- On then-candidate Donald Trump’s proposal to ban Muslims from entering the United States, Stein said, “as a practical matter …. unless somebody’s got a better idea, sounds like it makes pretty good sense to us.”
- Stein claimed that late Senator Ted Kennedy’s immigration policies were: “a great way to retaliate against Anglo-Saxon dominance and hubris, and the immigration laws from the 1920s were just this symbol of that, and it’s a form of revengism, or revenge…”
- Stein supports ending birthright citizenship: “[the current] erroneous interpretation of the 14th Amendment is defeating the operation of U.S. immigration controls.”
- Stein shares Tanton’s interest in eugenics and once posed the idea of prioritizing reproduction based on IQ score: “Should we be subsidizing people with low IQs to have as many children as possible, and not subsidizing those with high ones?”
- Stein has consistently derided immigrants as un-American: “Immigrants don’t come all church-loving, freedom-loving, God-fearing,” Stein told The Wall Street Journal. “Many of them hate America; hate everything that the United States stands for. Talk to some of these Central Americans.”
- Since its founding, FAIR has pushed for measures that go beyond reducing immigration: many FAIR officials have advocated for extreme population control measures, and have even gone as far as pushing for forced sterilization by designing, promoting and distributing “off-label permanent birth control” for women. Tanton, along with FAIR board members Sally Epstein and Donald Collins, contributed funds to the now-defunct Institute for Development Training (IDF), which developed the Quinacrine sterilization method.
How has FAIR Attacked DACA?
- FAIR lobbied to defeat legislation favorable to immigrants, including DACA recipients, as Republican strategist Liz Mair detailed in an op-ed for Red State. Lobbying disclosures submitted by FAIR indicate that the nativist group spent thousands of dollars in an effort to derail a bill that would have protected DACA recipients from DHS efforts to use their personal information as a “deportation list.”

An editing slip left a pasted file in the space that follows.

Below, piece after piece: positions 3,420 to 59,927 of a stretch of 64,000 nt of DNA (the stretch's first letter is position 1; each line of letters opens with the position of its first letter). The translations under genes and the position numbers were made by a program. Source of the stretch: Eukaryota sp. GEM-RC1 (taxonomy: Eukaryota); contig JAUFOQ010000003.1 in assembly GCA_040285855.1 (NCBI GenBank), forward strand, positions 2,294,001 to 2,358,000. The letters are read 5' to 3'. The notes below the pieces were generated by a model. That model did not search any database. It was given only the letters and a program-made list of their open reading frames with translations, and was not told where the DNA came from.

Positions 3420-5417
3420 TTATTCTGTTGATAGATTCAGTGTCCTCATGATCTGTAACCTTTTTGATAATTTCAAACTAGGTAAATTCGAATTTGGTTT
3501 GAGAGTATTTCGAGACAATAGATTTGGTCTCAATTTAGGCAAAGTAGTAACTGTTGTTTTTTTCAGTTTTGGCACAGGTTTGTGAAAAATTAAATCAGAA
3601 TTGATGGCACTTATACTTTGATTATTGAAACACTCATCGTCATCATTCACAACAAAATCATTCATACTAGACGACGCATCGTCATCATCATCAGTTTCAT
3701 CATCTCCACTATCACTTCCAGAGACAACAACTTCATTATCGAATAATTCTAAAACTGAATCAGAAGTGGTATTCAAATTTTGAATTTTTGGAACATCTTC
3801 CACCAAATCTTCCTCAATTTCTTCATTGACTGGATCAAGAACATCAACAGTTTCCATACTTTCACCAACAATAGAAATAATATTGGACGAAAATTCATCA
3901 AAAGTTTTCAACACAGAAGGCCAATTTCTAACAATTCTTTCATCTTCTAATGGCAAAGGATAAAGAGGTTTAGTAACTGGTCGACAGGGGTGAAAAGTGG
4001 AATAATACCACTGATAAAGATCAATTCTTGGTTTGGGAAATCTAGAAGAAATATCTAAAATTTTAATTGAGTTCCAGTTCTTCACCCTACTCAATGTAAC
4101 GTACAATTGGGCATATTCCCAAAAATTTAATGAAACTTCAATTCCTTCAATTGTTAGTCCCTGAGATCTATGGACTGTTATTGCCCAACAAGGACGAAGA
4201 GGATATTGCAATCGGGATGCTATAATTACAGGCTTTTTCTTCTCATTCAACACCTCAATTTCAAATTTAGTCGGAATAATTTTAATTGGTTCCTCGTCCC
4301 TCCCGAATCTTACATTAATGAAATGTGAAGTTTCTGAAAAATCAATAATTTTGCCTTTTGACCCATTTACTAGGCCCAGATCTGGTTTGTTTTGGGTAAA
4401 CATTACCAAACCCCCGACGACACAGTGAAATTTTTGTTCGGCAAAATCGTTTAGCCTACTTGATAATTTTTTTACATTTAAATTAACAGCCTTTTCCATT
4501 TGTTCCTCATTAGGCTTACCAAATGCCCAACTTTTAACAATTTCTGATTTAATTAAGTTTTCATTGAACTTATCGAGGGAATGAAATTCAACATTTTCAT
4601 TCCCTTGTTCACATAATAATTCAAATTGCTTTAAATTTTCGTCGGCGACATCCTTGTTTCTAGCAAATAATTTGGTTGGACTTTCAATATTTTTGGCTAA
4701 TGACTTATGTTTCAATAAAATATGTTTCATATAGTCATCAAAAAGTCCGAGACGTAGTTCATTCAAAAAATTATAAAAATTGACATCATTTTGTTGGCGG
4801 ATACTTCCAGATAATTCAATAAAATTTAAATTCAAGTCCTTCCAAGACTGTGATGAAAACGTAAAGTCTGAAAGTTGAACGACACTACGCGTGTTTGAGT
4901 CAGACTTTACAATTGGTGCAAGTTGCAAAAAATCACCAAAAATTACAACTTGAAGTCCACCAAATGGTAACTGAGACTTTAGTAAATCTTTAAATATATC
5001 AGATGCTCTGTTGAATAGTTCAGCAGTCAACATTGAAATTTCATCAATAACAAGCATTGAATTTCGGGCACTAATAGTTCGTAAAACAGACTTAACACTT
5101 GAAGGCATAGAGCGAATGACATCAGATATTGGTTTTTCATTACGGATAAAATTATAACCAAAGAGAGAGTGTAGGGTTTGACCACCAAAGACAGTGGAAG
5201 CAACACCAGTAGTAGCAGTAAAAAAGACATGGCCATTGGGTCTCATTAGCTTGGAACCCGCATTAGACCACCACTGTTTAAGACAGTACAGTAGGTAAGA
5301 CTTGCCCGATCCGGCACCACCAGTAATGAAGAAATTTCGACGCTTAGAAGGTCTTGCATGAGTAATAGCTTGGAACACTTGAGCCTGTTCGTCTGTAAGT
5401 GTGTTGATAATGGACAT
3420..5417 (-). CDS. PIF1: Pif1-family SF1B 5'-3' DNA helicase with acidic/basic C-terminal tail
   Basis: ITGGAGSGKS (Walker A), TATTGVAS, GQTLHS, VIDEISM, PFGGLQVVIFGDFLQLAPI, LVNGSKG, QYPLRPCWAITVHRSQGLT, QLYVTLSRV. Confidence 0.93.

- Following the rescission of DACA, FAIR has driven calls to the offices of House Republicans willing to find a permanent solution for immigrant youth.
- Former FAIR executive director Julie Kirchner left the group in 2015 to join the Trump campaign and has since been appointed the position of USCIS Ombudsman, where she holds considerable power and influence over the Administration’s immigration policy.
- Since 2001, FAIR has spent over $3.5M in lobbying dollars attacking immigrants including immigrant youth. From 2013 to April 2018, FAIR and NumbersUSA spent more than $8M on paid advertising attacking all immigration.
- FAIR President Dan Stein also serves on the board of IRLI, which helped initiate and draft Crane v. Napolitano, the unsuccessful legal challenge that pitted several ICE agents against DACA and set the stage for United States v. Texas.
- FAIR has repeatedly lashed out at President Trump for having kept DACA in place, calling it “an illegal executive overreach.”